Monday, July 16, 2012

184th Week Update - Miles Neighborhood Food Collection Project

Hi Folks,
Just a small change will work
Mayor Jonathan Rothschild
Food Comes to Call
Rosa Parks stood up just by sitting down. I think about that a lot. A small, almost imperceptible gesture or change in the path of the rushing river of human behavior can alter its course forever.
Whenever I present One Can A Week I keep telling folks, just do a little and just do what is easy and natural.

On Thursday, Dot Kret and I met with Mayor Jonathan Rothschild in his conference room. Karla Avales-Soto, a Mayor’s Aide, greeted us at the front desk and led the way. At 10 am sharp Mayor Rothschild entered and sat at the head of the table which was about 5 feet from where he entered.

His demeanor was very friendly and yet controlled. We got right to business. After explaining a little bit about One Can A Week I handed him our Community Food Bank plate poster which he perused throughout the meeting. He knows our neighborhood and a number of our neighbors.

“What can I do to help?” Mayor Rothschild asked.

For weeks I had thought long and hard about that question I knew he’d ask. And it wasn’t until the day before the meeting that I had an idea. On the way home I stopped at Dot’s office to get her reaction.

“How about if the mayor puts a huge Community Food Bank collection box in his office and he makes it know that everyone who comes to a meeting in his office is encouraged to bring a can of food. Do you know how many people he meets with? Do you know how powerful most of those folks are?

Dot liked the idea immediately. And to my surprise, so did the mayor when I told him.

“Get me 30 boxes by early this afternoon, he said.

I was startled and had a difficult time listening to his directive and writing a note to myself at the same time. Flustered is perhaps a better word.

I did not even have a change to explain to him the second half of the idea when he jumped into the conversation. 30 boxes … holy cow!

What I finally said was since he is the top government executive and he gets to meet in his office with all of the other business and government executives in the city, perhaps he can ask them to do what he is doing. His goal will be to eliminate hunger in Tucson from the top down.

As I delivered the boxes with Miguel’s help from the Food Bank a young lady stopped to says she is going to start donating one can a week at the office. I told her so will most of the visitors.

“What happens if they forget? she wondered.

“Well,” I replied, “the mayor might say, ‘You know, I don’t hear very well if there is no food.’ ”

She gave a hearty laugh and walked away gesturing “go away” with her hand.

In the late afternoon as the excitement I was feeling began to wane I got my thoughts together about what had just happened. Then as etiquette dictates, I sent Mayor Rothschild my impressions of our meeting.

“The most enjoyable and exciting aspect of our meeting this morning was trying to catch all of the workable ideas you were tossing out on the table. I thought I was back in New York City where the game is played that way all of the time. I sure miss those heady days in the Big Apple but I now know where to go when I need to rev up my brain.”

With Mayor Rothschild helping our One Can A Week program—in a small, Rosa Parks way by simply encouraging other top executives to follow his lead—he could and probably will end hunger here in Tucson. We think about food all of the time because that is what creatures on this planet do. If Mayor Rothschild has his way, we will be thinking about food for hungry families and their children all of the time, too.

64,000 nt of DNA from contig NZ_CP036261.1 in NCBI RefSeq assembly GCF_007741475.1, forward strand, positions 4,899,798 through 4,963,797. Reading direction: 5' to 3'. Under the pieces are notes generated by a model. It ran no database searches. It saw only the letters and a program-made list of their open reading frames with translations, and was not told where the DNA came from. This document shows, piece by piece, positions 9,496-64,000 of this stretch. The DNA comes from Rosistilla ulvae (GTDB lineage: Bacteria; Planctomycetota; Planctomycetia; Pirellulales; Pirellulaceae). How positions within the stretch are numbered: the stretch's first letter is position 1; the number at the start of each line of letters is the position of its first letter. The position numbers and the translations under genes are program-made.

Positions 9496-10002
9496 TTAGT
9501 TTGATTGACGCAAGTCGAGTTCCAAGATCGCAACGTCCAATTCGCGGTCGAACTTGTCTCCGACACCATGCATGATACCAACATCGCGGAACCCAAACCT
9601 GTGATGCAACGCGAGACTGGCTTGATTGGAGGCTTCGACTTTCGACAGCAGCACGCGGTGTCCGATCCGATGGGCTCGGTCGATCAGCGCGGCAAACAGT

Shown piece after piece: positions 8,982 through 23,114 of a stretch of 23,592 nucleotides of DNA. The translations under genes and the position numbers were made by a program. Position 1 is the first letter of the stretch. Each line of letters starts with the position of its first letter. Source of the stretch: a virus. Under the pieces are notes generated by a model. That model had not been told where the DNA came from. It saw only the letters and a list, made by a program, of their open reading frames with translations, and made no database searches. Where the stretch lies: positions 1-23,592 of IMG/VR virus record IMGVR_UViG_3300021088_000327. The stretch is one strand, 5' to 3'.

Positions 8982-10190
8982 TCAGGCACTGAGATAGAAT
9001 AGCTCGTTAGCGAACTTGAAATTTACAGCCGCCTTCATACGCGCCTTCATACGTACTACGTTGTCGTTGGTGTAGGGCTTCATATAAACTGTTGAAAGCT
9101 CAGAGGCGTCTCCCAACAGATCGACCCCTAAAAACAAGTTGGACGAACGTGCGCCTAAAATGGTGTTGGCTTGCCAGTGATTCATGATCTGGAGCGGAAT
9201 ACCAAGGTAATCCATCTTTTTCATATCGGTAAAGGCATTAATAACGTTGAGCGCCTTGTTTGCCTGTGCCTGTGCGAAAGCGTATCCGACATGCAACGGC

Business is the business of America
and the best way to solve our social ills.

John Abbott, the son of Ron Abbott, the owner of the Rincon Market is the man in charge of the grocery side of the business. For the past year he has been tweaking product pricing and even added new low price lines to stimulate business.

Our deal is he allows One Can A Week to collect money at the cash register and in turn, we buy food for the Community Food Bank in his grocery store. John just told me Saturday that One Can A Week has helped him weather the recession with our weekly purchases—between $102 and $160—and these sales encouraged him to rethink his product line to attract more student business.

He added Goya beans, pasta, rice and vegetables, quality products that cost around $1.00 each. This is what I buy mostly and it gives me more poundage for the buck. Last year the Rincon Market donated over 4,000 lbs. This year they are heading for 5,500 lbs.

John is currently looking at ordering other low-cost products and reducing prices on standard items he carries. In the beginning, the Abbott Family just wanted to help feed hungry families and their kids. Today, feeding those families is part of their business strategy and they are currently creating a better way to feed even more families.

Business really is the answer to solving many of society’s problems and now John and his family are showing us how it’s done.

One Can A Week is Contagious
Delia, who lives in the Arroyo Chico apartments, asked to participate in One Can A Week a couple of years ago. Turns out Frank, her close friend across the street encouraged her.

One Sunday some time later all of Delia’s close neighbors were outside when I showed up and after asking what was going on, they too, decided to participate. (The red umbrellaed Cabriolet helped pique their curiosity, of course.)

Now we have five Arroyo Chico families hanging a bag of food on their door knob every Sunday.

We collected a total of 188 lbs. of food. The money we donated amounted to $56.00, two $25.00 checks and $6.00 in cash.

See you Sunday,


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